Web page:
If you are a driver in California, you likely have some stories about the distracted drivers you have seen around you. You can often see drivers eating, talking on the phone, texting, reading, and even putting on clothes or makeup. It is certainly scary to watch, especially knowing that they are behind the wheel of what is essentially a two-ton weapon moving at speed. Many of us often say to ourselves, “That person is going to hurt or kill someone if they do not pay better attention to what they are doing!” The question then, is what happens when they actually do hurt or kill someone?
Motor Vehicle Accidents and Distracted Driving Statistics
In 2017 (the last year for which statistics are available), motor vehicle accidents were responsible for 37,133 fatalities in the US. According to The Office of Traffic Safety, California accounted for 3,602 of those. 858 pedestrians were killed by motor vehicles in California, as well. Nationwide, 3,450 people were killed by distracted drivers as well as 562 pedestrians and bicyclists. This accounts for almost 10% of total fatalities. In California, which has some of the most strict distracted driver laws, there were more than 178,000 cell phone use convictions and more than 31,000 convictions for texting while driving (these numbers are for 2016, the most recent year for these numbers). Californians ranked texting while driving and talking on a phone (either with hands or hands-free) as the two largest dangers while driving and over 62% of those surveyed said they had either been hit or almost hit by someone using a cell phone. Clearly, distracted driving is a serious issue and is causing a substantial number of injuries and deaths that are potentially avoidable.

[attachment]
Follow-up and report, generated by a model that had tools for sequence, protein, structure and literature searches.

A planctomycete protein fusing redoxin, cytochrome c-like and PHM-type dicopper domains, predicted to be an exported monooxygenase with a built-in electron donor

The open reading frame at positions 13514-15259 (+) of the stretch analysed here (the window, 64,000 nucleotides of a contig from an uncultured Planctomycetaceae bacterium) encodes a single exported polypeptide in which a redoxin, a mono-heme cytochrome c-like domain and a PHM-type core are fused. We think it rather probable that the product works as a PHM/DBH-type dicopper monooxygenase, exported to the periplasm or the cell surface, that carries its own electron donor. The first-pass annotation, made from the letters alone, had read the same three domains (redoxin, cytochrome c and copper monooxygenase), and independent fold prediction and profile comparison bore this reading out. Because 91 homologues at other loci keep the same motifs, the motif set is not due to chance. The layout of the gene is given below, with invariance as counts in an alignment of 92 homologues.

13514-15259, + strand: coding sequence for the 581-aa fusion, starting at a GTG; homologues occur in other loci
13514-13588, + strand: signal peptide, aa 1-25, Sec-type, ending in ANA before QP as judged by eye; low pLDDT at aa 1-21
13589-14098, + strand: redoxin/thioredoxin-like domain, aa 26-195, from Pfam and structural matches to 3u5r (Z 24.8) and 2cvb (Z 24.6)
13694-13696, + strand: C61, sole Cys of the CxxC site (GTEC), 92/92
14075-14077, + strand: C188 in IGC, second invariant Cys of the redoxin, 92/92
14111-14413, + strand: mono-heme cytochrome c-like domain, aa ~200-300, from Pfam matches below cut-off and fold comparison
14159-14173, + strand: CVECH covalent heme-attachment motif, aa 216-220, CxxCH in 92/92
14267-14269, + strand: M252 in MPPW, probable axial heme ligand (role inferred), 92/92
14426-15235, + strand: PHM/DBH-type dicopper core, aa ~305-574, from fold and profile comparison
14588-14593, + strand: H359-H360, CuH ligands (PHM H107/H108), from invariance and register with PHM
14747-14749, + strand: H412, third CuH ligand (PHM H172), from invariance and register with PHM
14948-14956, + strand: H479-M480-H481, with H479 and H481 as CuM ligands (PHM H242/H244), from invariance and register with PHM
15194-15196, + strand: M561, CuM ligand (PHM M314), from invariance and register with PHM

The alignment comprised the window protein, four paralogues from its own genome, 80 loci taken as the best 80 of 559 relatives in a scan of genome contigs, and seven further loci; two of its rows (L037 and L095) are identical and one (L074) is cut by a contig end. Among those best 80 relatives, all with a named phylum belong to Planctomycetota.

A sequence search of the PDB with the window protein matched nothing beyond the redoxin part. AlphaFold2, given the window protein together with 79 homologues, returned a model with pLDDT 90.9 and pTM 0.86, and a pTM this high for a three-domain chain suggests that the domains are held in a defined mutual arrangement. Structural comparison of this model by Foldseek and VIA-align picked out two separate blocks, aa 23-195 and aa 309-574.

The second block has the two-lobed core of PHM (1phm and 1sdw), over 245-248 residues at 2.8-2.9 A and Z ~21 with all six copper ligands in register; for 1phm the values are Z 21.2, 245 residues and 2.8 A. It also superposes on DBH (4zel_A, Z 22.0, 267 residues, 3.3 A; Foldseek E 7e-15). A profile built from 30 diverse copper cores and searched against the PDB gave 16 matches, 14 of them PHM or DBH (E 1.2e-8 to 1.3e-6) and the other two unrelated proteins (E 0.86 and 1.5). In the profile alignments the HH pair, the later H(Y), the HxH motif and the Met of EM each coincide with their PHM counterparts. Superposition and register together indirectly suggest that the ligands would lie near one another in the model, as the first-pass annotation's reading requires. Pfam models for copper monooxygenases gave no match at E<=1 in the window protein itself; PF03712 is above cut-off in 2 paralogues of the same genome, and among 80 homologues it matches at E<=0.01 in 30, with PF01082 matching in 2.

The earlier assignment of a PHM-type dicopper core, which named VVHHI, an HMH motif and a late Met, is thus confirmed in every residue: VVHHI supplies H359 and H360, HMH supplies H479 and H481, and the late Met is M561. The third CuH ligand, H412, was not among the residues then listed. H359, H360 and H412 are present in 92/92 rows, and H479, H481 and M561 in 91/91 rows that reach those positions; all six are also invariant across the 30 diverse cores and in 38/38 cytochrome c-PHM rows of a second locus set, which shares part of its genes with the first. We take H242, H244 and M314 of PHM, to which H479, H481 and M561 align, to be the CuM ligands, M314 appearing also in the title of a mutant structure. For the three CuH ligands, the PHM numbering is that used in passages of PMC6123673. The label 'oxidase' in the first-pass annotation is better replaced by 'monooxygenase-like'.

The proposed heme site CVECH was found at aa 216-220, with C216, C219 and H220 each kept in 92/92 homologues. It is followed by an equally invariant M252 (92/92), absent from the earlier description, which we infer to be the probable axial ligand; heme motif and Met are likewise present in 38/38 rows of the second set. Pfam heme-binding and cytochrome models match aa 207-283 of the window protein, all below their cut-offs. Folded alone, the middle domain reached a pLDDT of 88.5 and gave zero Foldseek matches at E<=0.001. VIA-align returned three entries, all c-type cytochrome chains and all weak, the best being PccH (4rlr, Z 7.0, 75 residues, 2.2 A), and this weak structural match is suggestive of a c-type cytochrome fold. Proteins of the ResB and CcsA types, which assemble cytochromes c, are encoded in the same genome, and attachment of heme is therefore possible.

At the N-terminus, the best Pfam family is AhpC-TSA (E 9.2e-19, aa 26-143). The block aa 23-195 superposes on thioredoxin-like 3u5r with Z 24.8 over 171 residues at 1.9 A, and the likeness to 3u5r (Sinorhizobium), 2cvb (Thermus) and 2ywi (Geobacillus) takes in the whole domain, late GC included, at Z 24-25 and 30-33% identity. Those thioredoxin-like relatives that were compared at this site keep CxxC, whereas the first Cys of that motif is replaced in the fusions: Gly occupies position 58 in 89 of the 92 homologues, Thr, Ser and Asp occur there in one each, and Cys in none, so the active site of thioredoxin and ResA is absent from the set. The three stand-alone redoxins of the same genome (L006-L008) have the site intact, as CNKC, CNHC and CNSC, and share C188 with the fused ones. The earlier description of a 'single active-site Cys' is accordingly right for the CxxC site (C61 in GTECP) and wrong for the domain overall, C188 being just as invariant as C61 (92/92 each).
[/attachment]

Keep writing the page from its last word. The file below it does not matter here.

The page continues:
California Laws to Prevent Distracted Driving
California has some of the most aggressive laws in place to help curb distracted driving. Actions that are prohibited include:
- Talking on a hand-held cell phone
- Texting while driving
- Talking hands-free on a cell phone for those under 18 years of age
- Operating a vehicle at an unsafe speed (the circumstances are important here and eating or being otherwise distracted while driving can be considered as creating unsafe conditions)
Obviously, even with these laws on the books, over 178,000 people chose to talk on a cell phone illegally and were caught and convicted for it. Who knows how many did so and were never caught for it?
Distracted drivers are dangerous to other motorists and pedestrians alike. They tend to follow too closely, ignore traffic control devices (traffic lights and stop signs), ignore posted speed limits, and fail to yield the right of way appropriately. Simply put, if you are paying attention to your cell phone or your lunch, you can not pay adequate attention to the road and those around you. Distracted drivers injure and kill thousands of people every year, simply because they refuse to obey the laws. Californians recognize the danger and know that they are often taking their lives in their own hands when driving or walking on city streets.